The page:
In any event, having deduced the ancient zodiac from observations at several sites, it is the objective statistical test against Palaeolithic cave art radiocarbon data that scientifically validates the hypothesis.
Given the lack of any alternative explanation for this correlation, it in my view constitutes a proof.
By this self-aggrandizing statement, one assumes that your "proof" refers to an image of paleolithic felines in your article "Decoding Prehistory" which carried the following statement:
Replica of lion paintings in Chauvet Cave, France, likely representing the constellation Cancer on the spring equinox 34,000 to 35,000 years ago
Unfortunately, had you engaged in any actual science and not merely relying on the unproven 72 years per degree view of precession much loved by Wikipedists, you would not have built your hypothesis upon a false premise.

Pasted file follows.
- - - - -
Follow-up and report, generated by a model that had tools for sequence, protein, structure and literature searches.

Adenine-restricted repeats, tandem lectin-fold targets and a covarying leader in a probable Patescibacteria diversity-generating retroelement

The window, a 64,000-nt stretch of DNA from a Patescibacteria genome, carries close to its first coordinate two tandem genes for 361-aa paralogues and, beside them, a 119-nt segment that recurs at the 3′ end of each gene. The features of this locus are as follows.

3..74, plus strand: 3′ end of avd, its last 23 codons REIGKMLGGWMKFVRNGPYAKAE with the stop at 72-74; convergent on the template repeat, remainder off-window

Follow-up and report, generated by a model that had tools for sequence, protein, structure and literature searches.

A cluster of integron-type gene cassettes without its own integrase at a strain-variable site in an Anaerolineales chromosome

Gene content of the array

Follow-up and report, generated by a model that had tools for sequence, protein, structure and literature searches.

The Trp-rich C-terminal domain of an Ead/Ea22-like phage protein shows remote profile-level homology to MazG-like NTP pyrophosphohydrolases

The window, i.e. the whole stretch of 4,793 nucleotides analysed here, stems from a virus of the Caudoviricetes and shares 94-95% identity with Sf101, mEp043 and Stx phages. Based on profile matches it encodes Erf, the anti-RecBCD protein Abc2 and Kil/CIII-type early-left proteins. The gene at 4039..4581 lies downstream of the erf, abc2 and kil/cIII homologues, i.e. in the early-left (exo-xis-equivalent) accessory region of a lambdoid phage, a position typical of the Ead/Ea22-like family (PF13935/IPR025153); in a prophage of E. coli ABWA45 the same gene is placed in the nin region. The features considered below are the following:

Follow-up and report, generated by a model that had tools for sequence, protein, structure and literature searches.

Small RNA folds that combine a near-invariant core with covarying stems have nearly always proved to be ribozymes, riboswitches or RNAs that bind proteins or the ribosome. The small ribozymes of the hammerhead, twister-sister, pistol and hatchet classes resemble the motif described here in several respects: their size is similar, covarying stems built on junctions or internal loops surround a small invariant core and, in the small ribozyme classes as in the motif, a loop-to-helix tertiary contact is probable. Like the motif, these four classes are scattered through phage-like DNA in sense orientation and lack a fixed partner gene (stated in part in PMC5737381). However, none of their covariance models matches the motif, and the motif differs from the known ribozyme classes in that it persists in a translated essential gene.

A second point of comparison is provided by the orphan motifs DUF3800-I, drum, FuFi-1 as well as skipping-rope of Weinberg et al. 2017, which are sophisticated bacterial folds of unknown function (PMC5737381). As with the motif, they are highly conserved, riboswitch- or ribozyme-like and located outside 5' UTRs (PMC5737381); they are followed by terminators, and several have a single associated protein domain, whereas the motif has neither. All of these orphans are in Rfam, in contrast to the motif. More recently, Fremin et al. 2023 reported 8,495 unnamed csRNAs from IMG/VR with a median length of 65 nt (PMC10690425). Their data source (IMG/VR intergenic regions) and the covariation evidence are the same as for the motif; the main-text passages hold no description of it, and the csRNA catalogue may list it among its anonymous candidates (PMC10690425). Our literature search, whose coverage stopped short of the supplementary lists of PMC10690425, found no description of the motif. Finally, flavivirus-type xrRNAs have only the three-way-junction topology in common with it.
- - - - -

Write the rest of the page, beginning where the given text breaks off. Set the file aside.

Had you interpolated the findings of the brilliant Simon Newcomb, the astronomer and mathematician who prepared ephemerides which are tables of computed places of celestial bodies over a period of time as well as tables of astronomical constants, and not relied upon Stellarium, you may have understood that the Rate of Precession is not a constant.
If you bother to read these results from the table below, you will find some disturbing data which undermines your theory to a significant degree.
As you can see, the period of revolution in the age to which you refer (Chavaux Cave) is approx. 33,000 years, an addition of approx. 7000 years to the timeline, which at 2160 years per zodiacal age, equates to three zodiacal ages thus proving that these felines were not painted in the Age of Cancer at all.
Now, extrapolating this result to Gobekli Tepe will mean that you are going to have to have another crack at decoding prehistory.
Good luck, old chap.
Edited 1 time(s). Last edit at 18-Aug-19 22:57 by Barbelo.